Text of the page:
possible under his administration. >> i haven't given up on passing it while i'm president. we're going to keep on pushing. and although so far the republican party has been pretty stubborn about this issue, if they start feeling enough pressure, that can make a difference. >> reporter: and the president added that the shift on who should be deported in the united states has also changed. that includes not focusing on parents with u.s.-born children but rather on criminals, on felons, lester. >> all right, jose. you can see all of jose diaz-balart's town hall at 7:00 p.m. on telemundo and 8:00 p.m. eastern on msnbc. still ahead here tonight, the price you pay to heat your home and fill up your car. surprising reasons they're suddenly getting more expensive. also why has southwest airlines been flying more than 100 planes that have missed t s. word tonight from the feds. you're down with crestor. yes!
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well, on top of this brutal winter now we're seeing fuel prices increase costing people more money to warm their homes and fill up their cars. nbc's anne thompson takes a look at some of the surprising reasons why. >> reporter: a subzero start to the day and waist-deep snow are surmountable challenges for peterson oil service in worcester, massachusetts. but after a mo costs, howard peterson just passed along some of the increase to its customers. >> our price went up 20 cents a gallon. >> reporter: an increase that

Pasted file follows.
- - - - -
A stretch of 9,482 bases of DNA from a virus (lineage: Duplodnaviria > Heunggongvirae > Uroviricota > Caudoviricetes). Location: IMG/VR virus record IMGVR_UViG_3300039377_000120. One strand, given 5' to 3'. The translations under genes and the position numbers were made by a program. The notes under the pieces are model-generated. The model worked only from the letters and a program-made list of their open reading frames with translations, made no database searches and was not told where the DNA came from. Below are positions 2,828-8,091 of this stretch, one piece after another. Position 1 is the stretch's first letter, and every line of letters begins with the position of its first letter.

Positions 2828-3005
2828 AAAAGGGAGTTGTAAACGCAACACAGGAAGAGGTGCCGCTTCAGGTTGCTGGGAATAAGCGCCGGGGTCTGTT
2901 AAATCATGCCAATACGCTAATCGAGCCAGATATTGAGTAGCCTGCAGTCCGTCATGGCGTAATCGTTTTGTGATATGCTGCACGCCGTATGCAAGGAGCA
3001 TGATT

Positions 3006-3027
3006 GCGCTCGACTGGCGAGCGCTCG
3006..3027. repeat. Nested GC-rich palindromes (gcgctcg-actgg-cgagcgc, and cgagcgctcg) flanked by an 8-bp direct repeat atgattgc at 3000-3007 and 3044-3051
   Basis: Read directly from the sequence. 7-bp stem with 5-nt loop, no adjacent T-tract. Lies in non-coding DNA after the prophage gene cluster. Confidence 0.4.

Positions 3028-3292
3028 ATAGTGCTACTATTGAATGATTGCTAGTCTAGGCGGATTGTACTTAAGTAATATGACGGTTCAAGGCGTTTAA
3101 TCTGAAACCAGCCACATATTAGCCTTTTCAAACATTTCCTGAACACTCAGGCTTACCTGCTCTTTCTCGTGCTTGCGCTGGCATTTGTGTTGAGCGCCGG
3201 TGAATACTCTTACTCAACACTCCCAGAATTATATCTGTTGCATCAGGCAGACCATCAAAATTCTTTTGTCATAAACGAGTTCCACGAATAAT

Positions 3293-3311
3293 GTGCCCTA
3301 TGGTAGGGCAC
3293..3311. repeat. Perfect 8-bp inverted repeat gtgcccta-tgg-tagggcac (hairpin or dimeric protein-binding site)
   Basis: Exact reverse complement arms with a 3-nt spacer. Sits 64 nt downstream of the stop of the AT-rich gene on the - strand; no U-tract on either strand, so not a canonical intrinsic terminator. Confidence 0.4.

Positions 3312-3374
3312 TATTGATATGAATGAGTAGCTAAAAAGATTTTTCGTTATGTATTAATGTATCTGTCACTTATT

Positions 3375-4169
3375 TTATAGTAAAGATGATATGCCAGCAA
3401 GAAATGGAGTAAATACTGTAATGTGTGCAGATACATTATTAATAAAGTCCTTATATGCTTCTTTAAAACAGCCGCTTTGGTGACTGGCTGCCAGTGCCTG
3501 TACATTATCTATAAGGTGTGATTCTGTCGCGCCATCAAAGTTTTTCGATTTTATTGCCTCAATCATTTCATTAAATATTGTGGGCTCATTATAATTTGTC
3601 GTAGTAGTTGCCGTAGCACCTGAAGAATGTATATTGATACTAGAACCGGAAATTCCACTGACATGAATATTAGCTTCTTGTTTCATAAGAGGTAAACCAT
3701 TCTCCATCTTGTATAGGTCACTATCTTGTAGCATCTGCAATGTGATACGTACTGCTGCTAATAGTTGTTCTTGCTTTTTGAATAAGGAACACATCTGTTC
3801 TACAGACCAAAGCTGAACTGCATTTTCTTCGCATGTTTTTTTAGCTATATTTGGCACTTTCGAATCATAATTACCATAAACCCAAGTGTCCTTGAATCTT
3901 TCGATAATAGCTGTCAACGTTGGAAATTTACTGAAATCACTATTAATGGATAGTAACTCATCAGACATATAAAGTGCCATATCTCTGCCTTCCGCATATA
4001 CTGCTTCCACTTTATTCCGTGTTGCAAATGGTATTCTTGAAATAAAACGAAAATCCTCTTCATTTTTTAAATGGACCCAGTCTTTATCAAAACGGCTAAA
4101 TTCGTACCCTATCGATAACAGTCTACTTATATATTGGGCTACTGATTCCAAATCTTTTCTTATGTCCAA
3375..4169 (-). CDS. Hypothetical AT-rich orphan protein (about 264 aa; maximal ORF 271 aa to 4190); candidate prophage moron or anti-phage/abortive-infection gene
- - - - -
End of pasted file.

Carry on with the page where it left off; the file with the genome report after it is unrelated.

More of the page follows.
adds to the stress of the 5,000 low income families mary's organization helps. >> when people run out of home heating oil, their pipes burst. that creates another burden and another cost. it's a tragedy really. >> reporter: at the pump it's a steady climb. the national average price for gasoline going up every day for the last 30. now almost $2.33 a gallon. are the days of $2 gasoline over? >> the days of $2 gasoline probably are over, at least for the time being. as we get to the peak of the summer driving season, drivers will probably be paying closer to $3. >> reporter: pushing prices higher, unexpected problems at oil and gas refineries. cold weather stops some production, there's a strike at a dozen refineries. and last week's explosion at exxon mobil's refinery drove california gas prices to $3.03 the highest in the lower 48. >> hurt a lot of people. >> reporter: gas station owner andre raised his prices three times tuesday. >> you have to move it and you
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welcome back. the company that owns discount retailers that t.j.maxx and home goods says it's boosting pay to u.s. employees to at least $9 an hour. it comes just a week after the world's largest private employer walmart announced it is increasing wages for hundreds of thousands of workers. both moves come as low paying retailers are finding it tougher to hang onto e airlin planes that have missed a key inspection. the feds gave southwest five days to do specific maintenance